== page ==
Asked what would success look like in replacing an existing child welfare system, Obrecht said, “Essentially, the system goes away the way we know it now. Not that there isn’t a safety net, but, no stranger foster care, no [racial] disproportionality, no taking kids from their home and creating trauma.”
In its place, she said, would be “a family and child well-being system, an anti-racist system that was focused on prevention.”
Family Integrity & Justice Works also shared with Youth Services Insider a list of 18 components of the modern child welfare system that it believes should be replaced, with detail on what they should be replaced with. Some of these, we note, would require changes in federal law and policy.
|To Be Replaced||Replaced with What?|
|Menu-style categorized services, as with the new IV-E Prevention Service Clearinghouse||Robust networks of primary prevention and family support services|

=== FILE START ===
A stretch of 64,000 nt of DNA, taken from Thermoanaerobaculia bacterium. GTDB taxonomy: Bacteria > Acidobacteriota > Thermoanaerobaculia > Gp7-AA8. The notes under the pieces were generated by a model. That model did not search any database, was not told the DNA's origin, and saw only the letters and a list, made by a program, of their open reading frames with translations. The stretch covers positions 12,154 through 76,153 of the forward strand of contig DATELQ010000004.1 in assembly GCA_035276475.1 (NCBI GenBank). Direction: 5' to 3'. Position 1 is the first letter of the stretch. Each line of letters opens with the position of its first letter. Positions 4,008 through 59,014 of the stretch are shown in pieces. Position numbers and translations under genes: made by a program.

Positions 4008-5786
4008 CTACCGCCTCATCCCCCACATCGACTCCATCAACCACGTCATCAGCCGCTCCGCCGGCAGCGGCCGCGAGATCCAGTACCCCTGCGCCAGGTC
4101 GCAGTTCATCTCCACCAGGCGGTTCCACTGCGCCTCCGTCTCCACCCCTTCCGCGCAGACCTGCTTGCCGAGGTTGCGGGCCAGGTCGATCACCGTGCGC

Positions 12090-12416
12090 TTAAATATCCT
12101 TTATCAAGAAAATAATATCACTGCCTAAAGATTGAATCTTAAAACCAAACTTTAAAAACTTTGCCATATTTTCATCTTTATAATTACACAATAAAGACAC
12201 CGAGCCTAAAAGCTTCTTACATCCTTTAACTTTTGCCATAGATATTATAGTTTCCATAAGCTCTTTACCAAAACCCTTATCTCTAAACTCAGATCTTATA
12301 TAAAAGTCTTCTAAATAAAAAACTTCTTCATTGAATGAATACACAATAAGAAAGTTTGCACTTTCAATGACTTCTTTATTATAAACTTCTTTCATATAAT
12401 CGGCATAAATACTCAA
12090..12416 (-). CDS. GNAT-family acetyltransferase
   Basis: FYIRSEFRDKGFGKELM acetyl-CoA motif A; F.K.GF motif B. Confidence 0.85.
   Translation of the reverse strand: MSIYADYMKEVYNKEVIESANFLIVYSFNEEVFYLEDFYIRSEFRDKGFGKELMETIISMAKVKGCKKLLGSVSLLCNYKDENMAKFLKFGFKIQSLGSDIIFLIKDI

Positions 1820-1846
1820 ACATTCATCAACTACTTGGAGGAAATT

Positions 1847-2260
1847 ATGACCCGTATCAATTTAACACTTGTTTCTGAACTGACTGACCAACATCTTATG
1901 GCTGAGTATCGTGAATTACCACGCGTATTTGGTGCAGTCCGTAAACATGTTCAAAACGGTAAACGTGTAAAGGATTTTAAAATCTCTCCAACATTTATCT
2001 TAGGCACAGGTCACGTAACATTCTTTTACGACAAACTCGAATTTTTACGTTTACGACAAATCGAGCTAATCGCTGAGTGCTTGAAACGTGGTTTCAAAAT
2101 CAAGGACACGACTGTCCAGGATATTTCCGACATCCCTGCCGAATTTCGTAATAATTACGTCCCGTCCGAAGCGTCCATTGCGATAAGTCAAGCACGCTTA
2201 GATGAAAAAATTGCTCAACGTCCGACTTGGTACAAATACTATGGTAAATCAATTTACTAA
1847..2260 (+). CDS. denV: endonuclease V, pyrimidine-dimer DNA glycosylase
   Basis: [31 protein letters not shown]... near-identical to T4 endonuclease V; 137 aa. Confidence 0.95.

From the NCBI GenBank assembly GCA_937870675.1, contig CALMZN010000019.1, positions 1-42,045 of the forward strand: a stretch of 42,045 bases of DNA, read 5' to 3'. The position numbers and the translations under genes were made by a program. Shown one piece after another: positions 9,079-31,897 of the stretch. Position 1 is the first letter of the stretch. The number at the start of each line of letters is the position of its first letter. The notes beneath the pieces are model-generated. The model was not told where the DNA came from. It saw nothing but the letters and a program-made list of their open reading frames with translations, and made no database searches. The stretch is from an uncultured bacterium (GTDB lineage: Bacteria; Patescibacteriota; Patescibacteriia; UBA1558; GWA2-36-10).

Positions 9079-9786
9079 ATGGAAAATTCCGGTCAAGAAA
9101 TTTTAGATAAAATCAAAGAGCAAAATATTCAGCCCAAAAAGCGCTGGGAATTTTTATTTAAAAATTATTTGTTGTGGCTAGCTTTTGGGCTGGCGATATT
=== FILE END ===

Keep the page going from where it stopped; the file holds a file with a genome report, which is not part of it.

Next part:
|Categorical funding for foster care and adoption (presumably, this would entail disconnecting locally from most of the federal Title IV-E entitlement)||Funding sources that support “primary prevention, well-being, and family unity”|
|“Over-surveillance” of people of color and poor people through hotline reporting||Warmlines, community response systems and family resource centers|
|“Difficult-to-access service contracts”||Community-based services|
|Maltreatment definitions that confuse poverty with neglect||Re-written neglect definitions|
|Mandatory reporting of neglect “unless harm is clear and imminent”||Mandatory referrals for community- based services|